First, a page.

Hillary Clinton Currently Has An Electoral College Advantage
The electoral college map above is from npr.org. Here is what they have to say about it:
Hillary Clinton would have a significant electoral advantage over Donald Trump in the general election, based on an NPR analysis.
The Democratic former secretary of state would start out with already exactly enough electoral votes to win the presidency, 270-191, based on states considered safe, likely and to lean toward either candidate. The ratings, which will be updated at least monthly until Election Day, are based on fundamentals — historical trends and demographics, plus reporting and polling (both public and private).
Safe D (164): California, Connecticut, Delaware, Hawaii, Illinois, Maine* (3 electoral votes), Maryland, Massachusetts, New York, Rhode Island, Vermont, Washington, D.C., Washington state Likely D (37): Maine (1 EV), Minnesota, New Jersey, New Mexico, Oregon Lean D (69): Michigan, Nevada, New Hampshire, Pennsylvania, Virginia, Wisconsin Pure Tossup (77): Colorado, Florida, Iowa, North Carolina, Ohio Lean R (11): Arizona Likely R (44): Georgia, Indiana, Missouri, Nebraska* (1 EV), Utah Safe R (136): Alabama, Arkansas, Idaho, Kansas, Kentucky, Louisiana, Mississippi, Montana, Nebraska (4 EVs), North Dakota, Oklahoma, South Carolina, South Dakota, Tennessee, Texas, West Virginia, Wyoming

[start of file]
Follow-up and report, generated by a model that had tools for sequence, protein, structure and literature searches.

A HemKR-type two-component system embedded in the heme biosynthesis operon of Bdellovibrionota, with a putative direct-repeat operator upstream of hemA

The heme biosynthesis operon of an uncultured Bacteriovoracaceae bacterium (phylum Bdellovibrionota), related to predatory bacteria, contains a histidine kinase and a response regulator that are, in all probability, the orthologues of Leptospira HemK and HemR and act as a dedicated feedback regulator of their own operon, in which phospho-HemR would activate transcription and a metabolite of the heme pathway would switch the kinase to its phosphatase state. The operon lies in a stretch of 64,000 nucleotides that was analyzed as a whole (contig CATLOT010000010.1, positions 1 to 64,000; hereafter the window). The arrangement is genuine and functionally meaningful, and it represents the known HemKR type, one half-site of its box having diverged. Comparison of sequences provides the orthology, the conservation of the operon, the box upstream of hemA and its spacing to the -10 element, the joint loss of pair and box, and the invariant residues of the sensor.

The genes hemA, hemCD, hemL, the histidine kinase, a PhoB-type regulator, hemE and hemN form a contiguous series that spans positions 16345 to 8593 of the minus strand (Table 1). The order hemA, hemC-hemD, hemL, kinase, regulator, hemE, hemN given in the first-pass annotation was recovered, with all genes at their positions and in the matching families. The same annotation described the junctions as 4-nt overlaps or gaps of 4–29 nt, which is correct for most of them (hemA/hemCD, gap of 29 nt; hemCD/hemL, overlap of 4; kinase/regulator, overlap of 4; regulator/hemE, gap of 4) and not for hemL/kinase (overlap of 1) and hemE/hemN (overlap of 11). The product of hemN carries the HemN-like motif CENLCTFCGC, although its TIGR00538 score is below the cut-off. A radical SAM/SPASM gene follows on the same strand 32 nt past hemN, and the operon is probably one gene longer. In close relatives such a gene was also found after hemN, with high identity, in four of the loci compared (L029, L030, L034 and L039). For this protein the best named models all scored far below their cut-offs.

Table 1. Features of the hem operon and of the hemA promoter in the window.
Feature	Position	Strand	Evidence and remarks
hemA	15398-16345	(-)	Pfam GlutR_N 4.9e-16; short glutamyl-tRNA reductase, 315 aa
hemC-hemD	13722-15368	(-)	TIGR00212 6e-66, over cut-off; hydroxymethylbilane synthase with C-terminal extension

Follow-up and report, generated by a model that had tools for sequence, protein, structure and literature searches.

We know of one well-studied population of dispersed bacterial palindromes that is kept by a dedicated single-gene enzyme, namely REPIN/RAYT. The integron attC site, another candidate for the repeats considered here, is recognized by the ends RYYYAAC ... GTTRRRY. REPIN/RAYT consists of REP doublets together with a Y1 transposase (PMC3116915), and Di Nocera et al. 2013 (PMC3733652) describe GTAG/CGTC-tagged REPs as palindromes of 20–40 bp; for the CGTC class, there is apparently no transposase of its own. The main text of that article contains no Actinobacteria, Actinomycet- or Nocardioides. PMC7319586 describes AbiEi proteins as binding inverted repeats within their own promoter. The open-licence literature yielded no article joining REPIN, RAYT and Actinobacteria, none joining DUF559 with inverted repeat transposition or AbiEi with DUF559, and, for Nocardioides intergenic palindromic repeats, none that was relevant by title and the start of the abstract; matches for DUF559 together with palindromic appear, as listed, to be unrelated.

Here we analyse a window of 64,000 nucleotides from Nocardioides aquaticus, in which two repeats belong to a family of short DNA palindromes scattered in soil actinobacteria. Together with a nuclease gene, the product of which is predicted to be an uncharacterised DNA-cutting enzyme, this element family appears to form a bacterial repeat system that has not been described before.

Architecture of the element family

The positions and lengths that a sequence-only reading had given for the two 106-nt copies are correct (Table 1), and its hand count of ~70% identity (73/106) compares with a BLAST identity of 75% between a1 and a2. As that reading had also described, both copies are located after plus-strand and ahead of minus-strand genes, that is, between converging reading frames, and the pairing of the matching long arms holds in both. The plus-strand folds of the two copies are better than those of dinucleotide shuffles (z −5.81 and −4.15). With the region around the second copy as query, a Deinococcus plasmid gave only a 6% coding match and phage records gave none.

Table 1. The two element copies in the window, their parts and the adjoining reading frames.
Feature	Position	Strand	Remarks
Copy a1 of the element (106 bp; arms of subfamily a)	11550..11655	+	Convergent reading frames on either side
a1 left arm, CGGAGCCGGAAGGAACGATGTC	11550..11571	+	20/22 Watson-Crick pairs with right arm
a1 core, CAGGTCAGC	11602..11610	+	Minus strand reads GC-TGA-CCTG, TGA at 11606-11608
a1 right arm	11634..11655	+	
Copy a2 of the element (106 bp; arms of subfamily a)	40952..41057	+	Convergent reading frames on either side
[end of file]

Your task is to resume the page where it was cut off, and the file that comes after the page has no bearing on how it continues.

*Nebraska and Maine allocate their electoral votes by congressional district — 3 in Maine and 4 in Nebraska are considered safe for Democrats and Republicans, respectively; 1 each could potentially be in play. Barack Obama won 1 delegate out of Nebraska (Omaha) in 2008.
Of course, nothing should be taken for granted. The above advantage for Hillary Clinton will only happen if Democrats turn out to vote (preferably in large numbers). Staying home because you believe the election is in the bag will only put Trump in the White House.